Sunday, March 20, 2011

Artichokes Barigoule

Whenever I think of an artichoke, my dad's constant saying of 'okie doki, artichokie' pops into my head.  So forgive me in advance if i'm a little less eloquent than usual - its hard when you think like a five year old.

Something I understand, but dislike immensely, are what I refer to as the "hidden components" in The French Laundry Cookbook.  These are recipes - things that require actual preparation, sometimes lots of it - thrown in amongst the ingredients.  I have learned to read (and think) very carefully as I look through recipes and make grocery and prep lists, because its easy to lose track of them... shooting you  One of the many "hidden components" of the Pan Roasted Striped Bass entree is artichoke barigoule.  Luckily, I actually noticed this one (as opposed to, say, the vegetable stock I inadvertently ignored in this recipe).  Good thing, since it took a fairly long time - at least 2 hours total.

First, I had to butcher (or whatever you want to call removing the hearts - trust me, butcher is the right word for me) all of the artichokes.  It was messy, and resulted in several puncture wounds from the artichoke spikes.

If you are good at removing artichoke hearts, then the rest is no big deal.  Just softened some aromatics in some olive oil, added the artichokes, cooked for a bit, then added a mixture of stock and wine to braise.  If you are not good at removing artichoke hearts, you are tired, have a backache, and are rather cranky by this point.

I was supposed to make a bouquet garni, but couldn't, since my leeks somehow walked away between the grocery store and my house.  I swear, I have terrible luck with losing things i've paid for at the store.  [amusing aside: I asked Brandon to go out to my car and see if he could find my leek.  "Your what?  Where do you have a leak?"  "In my trunk, I think."  "Why do you think you have a leak in your trunk?"  "Because I can't find it here."  "What?  How do you bring a leak inside?"  "Umm... by carrying it the grocery bag."  "What?  How do you buy a leak?"  (getting irritated, since I think he's just being passive agressive) "at the store... OH... the VEGETABLE leek."  "oh, that makes a lot more sense than what I was thinking."  I can't even imagine how this would go if we spoke something that is actually dependent on tone, like Chinese].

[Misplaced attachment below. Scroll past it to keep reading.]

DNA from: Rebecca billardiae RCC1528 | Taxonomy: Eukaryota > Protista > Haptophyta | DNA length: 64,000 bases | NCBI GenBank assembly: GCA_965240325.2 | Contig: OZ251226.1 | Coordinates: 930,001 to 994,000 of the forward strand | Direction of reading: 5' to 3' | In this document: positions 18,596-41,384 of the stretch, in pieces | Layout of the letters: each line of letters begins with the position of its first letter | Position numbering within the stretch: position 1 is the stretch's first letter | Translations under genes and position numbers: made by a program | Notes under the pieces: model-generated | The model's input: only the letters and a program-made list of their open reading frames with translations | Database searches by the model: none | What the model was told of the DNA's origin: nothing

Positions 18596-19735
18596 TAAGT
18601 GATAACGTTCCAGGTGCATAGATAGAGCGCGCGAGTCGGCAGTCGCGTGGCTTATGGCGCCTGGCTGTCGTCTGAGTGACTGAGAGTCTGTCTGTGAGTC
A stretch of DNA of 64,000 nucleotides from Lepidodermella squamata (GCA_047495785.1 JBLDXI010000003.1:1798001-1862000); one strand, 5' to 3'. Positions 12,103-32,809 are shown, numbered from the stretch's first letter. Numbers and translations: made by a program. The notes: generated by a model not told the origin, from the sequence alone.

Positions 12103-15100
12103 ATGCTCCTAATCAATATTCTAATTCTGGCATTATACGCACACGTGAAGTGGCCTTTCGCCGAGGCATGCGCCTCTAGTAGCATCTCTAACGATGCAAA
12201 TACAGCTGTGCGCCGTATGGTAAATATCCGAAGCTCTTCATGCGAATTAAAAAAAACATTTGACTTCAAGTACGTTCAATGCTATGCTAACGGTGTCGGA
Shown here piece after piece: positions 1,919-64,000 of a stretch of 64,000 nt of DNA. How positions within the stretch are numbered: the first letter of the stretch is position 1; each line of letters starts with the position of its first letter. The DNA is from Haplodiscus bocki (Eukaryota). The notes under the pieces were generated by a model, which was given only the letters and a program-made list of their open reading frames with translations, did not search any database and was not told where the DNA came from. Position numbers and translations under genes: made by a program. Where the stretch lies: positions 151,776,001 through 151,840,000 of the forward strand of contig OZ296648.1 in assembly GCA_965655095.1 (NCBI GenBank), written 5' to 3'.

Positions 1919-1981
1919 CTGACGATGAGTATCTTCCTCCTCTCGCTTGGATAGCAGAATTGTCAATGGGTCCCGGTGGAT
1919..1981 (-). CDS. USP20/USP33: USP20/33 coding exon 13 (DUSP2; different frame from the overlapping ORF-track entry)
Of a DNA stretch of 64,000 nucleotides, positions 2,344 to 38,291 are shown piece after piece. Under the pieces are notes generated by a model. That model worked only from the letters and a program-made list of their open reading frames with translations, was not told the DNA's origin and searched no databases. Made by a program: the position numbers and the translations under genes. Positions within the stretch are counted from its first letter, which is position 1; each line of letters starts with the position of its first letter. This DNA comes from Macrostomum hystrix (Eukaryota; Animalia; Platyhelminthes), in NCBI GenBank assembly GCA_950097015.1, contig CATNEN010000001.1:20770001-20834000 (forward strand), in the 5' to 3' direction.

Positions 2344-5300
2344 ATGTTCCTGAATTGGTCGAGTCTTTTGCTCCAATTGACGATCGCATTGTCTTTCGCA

Anyways, after pouring the liquid in, you are supposed to cover with a towel.  The idea of that kinda grosssed me out... until I remembered that my grandma had given me tea towels forever ago.  It was perfect!

After braising, I removed the artichokes, strained the liquid, and poured the liquid over the artichokes in a container.

The instructions said that by cooking and then braising, you would avoid discoloration.  I think I must not have done something right, because they were still kind of discolored.  It may have been the roughly 15 minutes it took for me to butcher each.  Regardless, it smelled divine, and the veggies that were supposed to be discarded made a delicious dinner.


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